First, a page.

Sorry, but I didn’t take umbrage at the author’s contention that people of color & Black people aren’t interchangeable, rather it was the assumption that she was owed & apology & only his alleged sense of white privilege prevented him from offering one.
Interestingly in your reply you also appear to have violated the author’s imperative by using the phrase “Black people and other People of Color…” In short Black people constitute a subset of the general group, people of color, or, if you prefer, non-white people.
There are valid reasons for someone to respond “S/he’s polling well with people of color” in reply to “S/he’s not popular with Black voters…” It’s clumsy to lump them together, I agree, but there is also substantial cross-over between Black voters & other non-white voters. No. The correspondence isn’t 1/1. Black people don’t have the same interests as say Native Americans, but I’m willing to bet their voting habits are more alike than different.
How dare a Black person correct a white person…?
No. How dare one person pretend to speak for an entire diverse group of people — to the point where she believes she’s owed an apology for someone’s apparently innocent transgression? Are you going to argue that all Black people agree with the author?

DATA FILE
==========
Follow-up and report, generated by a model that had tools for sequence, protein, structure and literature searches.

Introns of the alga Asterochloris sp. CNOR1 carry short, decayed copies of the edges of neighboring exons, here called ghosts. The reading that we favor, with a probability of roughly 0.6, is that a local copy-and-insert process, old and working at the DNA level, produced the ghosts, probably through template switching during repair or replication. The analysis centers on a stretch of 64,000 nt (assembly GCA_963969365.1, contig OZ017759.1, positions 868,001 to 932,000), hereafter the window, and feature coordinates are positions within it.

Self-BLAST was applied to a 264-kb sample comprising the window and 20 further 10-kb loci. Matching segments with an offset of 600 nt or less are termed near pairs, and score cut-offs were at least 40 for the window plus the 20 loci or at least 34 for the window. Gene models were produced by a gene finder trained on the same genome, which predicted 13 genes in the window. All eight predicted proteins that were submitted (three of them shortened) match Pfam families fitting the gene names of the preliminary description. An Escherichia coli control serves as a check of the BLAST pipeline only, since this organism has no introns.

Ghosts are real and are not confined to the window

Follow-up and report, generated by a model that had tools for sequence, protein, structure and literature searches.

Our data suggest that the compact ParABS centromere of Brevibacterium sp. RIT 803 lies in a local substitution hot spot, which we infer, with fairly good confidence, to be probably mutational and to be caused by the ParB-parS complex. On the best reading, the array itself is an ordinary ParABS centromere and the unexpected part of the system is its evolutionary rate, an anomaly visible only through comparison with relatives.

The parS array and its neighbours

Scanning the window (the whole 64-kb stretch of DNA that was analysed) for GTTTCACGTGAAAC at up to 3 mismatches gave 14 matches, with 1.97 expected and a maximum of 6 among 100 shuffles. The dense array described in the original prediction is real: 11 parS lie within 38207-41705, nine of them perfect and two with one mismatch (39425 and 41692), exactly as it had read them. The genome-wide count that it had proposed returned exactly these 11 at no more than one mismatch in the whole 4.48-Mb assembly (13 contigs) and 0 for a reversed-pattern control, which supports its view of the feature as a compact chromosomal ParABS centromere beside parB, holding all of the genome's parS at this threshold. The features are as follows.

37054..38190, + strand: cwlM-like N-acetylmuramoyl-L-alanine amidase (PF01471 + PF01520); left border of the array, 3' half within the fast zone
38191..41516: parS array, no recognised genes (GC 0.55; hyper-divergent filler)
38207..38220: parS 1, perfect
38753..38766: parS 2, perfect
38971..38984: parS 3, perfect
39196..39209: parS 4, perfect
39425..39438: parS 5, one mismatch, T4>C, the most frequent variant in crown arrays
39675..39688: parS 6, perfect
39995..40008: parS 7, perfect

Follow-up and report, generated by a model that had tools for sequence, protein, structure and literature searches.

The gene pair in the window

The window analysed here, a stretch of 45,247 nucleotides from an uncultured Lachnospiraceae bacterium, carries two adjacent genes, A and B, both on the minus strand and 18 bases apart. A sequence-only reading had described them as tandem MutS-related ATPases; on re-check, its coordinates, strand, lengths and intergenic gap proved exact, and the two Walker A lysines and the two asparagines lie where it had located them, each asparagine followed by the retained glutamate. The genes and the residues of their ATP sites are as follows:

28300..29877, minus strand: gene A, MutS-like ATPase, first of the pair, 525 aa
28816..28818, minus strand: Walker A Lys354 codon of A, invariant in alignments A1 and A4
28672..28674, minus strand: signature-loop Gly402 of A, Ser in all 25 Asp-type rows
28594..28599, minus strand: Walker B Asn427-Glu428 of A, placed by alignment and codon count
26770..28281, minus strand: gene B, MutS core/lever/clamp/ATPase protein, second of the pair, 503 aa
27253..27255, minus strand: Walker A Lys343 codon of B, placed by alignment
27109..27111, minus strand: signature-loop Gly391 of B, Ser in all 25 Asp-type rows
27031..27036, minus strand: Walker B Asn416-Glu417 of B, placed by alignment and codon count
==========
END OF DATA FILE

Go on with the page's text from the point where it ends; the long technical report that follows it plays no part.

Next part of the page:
“A dialogue is supposed to be a conversation between two or more people and not a set of commands between a supposed superior and an inferior”
That’s exactly what prompted me to reply to the article in the first place. It certainly appeared to be a command by the author rather than a conversation about race & signification.
“In my experience that is how most exchanges are with White people. I am supposed to listen without any response or counterpoints, and go quietly when THEY are finished.”
Same here. Absent the issue of race. I was raised to be polite & not interrupt. Therefore I’ve spent many a tiresome hour listening to blowhards of every race & national origin spout off. Generally speaking I shut down, because every comment I make prompts an additional 30 minutes of verbosity from my interlocutor. That said, I know my experience isn’t universal. I know women in particular are expected to listen passively & I can only imagine how frustrating that can be.
The article wasn’t an affront to my whiteness — you can believe me or not — but my reply was an expression of frustration at how conversations can be co-opted by disagreement over the language used. If I’ve learned anything as a grown-up, it’s to accept things in the spirit which they’re offered. I think the Bernie-bro was trying to be helpful, & was certainly polite in his response to the author. I think she was wrong to believe more was owed.
“We are never to question you let alone demand anything.”
Question me & demand all you like … just don’t expect me to apologize for saying something you don’t agree with. Maybe that’s an expression of my white privilege, but if it helps any, I don’t expect you to apologize, either.